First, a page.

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Following Delta’s lead, United announced earlier this year that they would start instituting a new revenue-based elite status program in 2014. As a recap, in addition to flying the normal amount of Premier-qualifying miles or segments for each elite tier, US-based United Premier members will need to either spend $25,000 dollars a year on a United MileagePlus credit card such as the United Explorer or United Club cards (no waiver for 1K members – you must spend $10,000 on the airline), or spend the following amount of money on United fares for the following tiers:
With these new requirements being implemented next year, I wanted to go over what qualifies towards United spending, because it may not be as easy as you think to qualify for your elite status starting next year, and now is as a good time to status match if you don’t think the future PQD program will be right for your needs.
The following spending counts toward the PQD requirement:
- Base fare and carrier-imposed surcharges
- Flights flown by United, United Express, or Copa Airlines
- Flights operated by a Star Alliance or a MileagePlus partner airline and issued on a United ticket (ticket number starting with 016)
- Economy Plus purchases
You will earn PQD for the base fare and carrier-imposed surcharges on qualifying tickets. Certain specialty tickets, including but not limited to unpublished, consolidator, group/tour, and opaque fares do not earn PQD. Government-imposed taxes, fees, and charges are not eligible for Premier qualifying dollars (PQD).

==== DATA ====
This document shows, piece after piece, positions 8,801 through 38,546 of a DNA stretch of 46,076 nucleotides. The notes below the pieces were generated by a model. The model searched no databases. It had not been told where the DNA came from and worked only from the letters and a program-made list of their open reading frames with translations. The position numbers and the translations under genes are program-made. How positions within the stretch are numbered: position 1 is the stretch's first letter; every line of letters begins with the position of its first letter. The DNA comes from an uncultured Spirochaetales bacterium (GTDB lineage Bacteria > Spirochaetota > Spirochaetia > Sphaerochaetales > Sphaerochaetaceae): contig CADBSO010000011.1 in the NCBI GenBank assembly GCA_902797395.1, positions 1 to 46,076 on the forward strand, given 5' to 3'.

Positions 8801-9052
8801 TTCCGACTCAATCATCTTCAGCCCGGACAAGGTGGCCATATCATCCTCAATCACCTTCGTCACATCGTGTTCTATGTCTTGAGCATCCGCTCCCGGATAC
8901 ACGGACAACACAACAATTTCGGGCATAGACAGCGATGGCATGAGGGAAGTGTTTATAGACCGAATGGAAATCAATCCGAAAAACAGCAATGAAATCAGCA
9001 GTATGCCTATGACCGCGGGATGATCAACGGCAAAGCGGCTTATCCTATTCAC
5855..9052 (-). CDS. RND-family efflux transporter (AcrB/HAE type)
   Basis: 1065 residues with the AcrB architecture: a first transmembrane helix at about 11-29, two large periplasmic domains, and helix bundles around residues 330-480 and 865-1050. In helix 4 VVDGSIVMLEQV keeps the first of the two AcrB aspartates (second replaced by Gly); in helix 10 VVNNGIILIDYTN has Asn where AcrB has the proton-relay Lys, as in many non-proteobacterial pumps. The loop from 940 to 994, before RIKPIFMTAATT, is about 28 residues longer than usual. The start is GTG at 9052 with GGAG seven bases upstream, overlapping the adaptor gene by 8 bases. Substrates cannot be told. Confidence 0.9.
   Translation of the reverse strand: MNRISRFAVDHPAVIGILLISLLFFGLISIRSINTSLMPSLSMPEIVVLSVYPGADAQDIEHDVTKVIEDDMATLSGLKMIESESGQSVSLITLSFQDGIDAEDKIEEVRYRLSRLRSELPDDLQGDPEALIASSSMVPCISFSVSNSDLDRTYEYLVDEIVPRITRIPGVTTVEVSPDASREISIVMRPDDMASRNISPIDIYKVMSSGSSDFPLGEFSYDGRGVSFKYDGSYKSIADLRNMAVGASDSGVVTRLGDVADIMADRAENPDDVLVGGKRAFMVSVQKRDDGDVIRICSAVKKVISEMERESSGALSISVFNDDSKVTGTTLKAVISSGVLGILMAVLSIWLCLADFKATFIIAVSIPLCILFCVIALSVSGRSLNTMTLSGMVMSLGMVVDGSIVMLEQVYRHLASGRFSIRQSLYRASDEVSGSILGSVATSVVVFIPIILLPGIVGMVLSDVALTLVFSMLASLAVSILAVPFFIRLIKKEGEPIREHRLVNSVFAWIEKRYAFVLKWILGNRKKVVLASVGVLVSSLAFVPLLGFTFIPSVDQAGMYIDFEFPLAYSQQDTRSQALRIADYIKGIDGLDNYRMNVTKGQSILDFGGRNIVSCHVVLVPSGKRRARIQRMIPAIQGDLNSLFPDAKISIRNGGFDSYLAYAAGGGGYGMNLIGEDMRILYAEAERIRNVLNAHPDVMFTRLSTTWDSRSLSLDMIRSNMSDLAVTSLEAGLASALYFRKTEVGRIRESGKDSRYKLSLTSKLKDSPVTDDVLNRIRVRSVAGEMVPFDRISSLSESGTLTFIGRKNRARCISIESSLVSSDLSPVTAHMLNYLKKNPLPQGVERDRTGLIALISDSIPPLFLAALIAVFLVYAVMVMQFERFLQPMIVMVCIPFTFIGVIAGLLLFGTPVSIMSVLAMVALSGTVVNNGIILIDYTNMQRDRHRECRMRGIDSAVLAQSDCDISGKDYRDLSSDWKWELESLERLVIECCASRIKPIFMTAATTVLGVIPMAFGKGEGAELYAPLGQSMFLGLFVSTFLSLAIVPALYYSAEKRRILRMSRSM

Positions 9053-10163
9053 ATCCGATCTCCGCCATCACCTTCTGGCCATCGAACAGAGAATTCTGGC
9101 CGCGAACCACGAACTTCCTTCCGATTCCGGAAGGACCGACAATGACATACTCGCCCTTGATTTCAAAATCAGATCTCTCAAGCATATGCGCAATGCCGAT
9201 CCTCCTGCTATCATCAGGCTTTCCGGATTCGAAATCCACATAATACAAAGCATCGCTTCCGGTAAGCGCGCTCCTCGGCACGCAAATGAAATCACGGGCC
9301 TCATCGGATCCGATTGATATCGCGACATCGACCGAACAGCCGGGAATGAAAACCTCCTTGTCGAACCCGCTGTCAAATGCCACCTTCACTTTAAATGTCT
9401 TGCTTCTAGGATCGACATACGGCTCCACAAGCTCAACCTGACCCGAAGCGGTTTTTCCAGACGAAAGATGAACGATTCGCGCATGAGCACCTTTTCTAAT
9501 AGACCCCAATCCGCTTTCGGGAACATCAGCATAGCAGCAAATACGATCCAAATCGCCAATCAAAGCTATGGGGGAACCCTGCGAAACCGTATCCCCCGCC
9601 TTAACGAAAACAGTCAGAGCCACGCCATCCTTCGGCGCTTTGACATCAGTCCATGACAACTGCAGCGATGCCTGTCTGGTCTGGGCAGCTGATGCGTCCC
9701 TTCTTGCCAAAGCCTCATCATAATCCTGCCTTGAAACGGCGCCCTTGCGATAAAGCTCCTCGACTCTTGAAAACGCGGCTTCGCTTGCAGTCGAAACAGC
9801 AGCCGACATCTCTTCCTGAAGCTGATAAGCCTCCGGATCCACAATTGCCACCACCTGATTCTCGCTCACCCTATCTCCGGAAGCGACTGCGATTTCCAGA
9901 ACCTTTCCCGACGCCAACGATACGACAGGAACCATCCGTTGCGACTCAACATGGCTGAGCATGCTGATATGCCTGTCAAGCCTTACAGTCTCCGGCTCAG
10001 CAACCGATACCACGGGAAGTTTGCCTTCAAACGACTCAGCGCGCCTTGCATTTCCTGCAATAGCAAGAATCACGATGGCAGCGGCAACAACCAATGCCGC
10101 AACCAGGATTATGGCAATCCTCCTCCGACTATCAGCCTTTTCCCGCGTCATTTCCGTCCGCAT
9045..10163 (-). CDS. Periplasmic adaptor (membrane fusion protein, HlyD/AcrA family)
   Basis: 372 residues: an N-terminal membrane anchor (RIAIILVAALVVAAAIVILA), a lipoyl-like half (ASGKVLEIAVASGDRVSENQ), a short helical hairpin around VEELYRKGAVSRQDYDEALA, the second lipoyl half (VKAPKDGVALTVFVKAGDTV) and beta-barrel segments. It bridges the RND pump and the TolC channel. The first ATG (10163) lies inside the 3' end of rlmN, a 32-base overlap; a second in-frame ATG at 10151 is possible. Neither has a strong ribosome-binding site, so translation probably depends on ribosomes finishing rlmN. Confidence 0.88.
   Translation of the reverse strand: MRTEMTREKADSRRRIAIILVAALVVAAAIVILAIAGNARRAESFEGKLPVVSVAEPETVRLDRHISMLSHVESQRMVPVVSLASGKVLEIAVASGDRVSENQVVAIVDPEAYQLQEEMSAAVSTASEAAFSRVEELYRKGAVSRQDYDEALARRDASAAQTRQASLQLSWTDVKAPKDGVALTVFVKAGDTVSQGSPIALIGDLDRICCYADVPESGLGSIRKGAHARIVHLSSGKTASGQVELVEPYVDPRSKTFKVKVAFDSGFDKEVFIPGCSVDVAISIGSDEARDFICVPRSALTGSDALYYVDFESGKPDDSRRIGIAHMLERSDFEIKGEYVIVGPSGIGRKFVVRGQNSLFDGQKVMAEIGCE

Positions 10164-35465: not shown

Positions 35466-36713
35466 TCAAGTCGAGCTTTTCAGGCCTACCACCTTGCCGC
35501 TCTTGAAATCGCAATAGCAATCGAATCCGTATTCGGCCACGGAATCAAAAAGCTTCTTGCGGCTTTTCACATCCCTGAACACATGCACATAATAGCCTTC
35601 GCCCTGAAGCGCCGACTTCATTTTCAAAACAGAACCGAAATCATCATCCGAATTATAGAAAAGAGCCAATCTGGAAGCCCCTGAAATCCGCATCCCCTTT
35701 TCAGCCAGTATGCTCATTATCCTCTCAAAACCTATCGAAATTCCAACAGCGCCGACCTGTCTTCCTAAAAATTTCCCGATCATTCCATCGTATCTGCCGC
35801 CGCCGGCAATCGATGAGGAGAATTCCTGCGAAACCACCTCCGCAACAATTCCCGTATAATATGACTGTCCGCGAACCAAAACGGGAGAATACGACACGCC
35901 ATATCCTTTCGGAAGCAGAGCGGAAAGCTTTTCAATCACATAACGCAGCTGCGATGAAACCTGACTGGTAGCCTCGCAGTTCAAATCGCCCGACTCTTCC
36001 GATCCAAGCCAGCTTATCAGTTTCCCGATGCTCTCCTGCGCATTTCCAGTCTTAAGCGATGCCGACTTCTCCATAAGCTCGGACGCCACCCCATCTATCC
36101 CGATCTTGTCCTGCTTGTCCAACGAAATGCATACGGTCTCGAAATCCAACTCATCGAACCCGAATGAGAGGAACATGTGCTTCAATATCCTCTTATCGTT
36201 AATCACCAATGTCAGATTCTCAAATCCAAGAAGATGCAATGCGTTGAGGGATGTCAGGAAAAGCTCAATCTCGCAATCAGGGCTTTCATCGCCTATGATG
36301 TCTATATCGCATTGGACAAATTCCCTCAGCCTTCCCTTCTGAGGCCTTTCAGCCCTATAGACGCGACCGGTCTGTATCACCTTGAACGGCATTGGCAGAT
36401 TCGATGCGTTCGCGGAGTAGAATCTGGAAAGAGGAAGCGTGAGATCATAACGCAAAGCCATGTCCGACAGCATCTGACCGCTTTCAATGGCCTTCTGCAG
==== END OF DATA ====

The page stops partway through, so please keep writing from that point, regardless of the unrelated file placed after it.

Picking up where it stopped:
The only non-ticket purchases that may earn Premier qualifying dollars (PQD) in 2014 are Economy Plus purchases, meaning baggage fees, United Club membership fees, change and cancellation fees will not apply.
Also, like Premier-qualifying miles and segments, PQD’s will be credited to the member who travels, not the person who purchases the ticket if you buy the ticket for someone else.
One major difference between United’s Premier Qualifying Dollars and Delta’s Medallion Qualifying Dollars is that on Delta, MQD’s only count for purchases actually made in 2014, however per the UA Insider on this FlyerTalk thread, with United, “PQD counts towards the year in which you take the flight. If you booked a PQD eligible ticket in 2013 with a departure date in 2014, you will earn PQDs towards 2014 qualification upon completing each flight segment. This is how PQM and PQS are applied today.” So even if you’ve already bought your ticket for 2014, you’ll get spending credit on them just as you would get mileage and segment credit in the year in which you actually fly.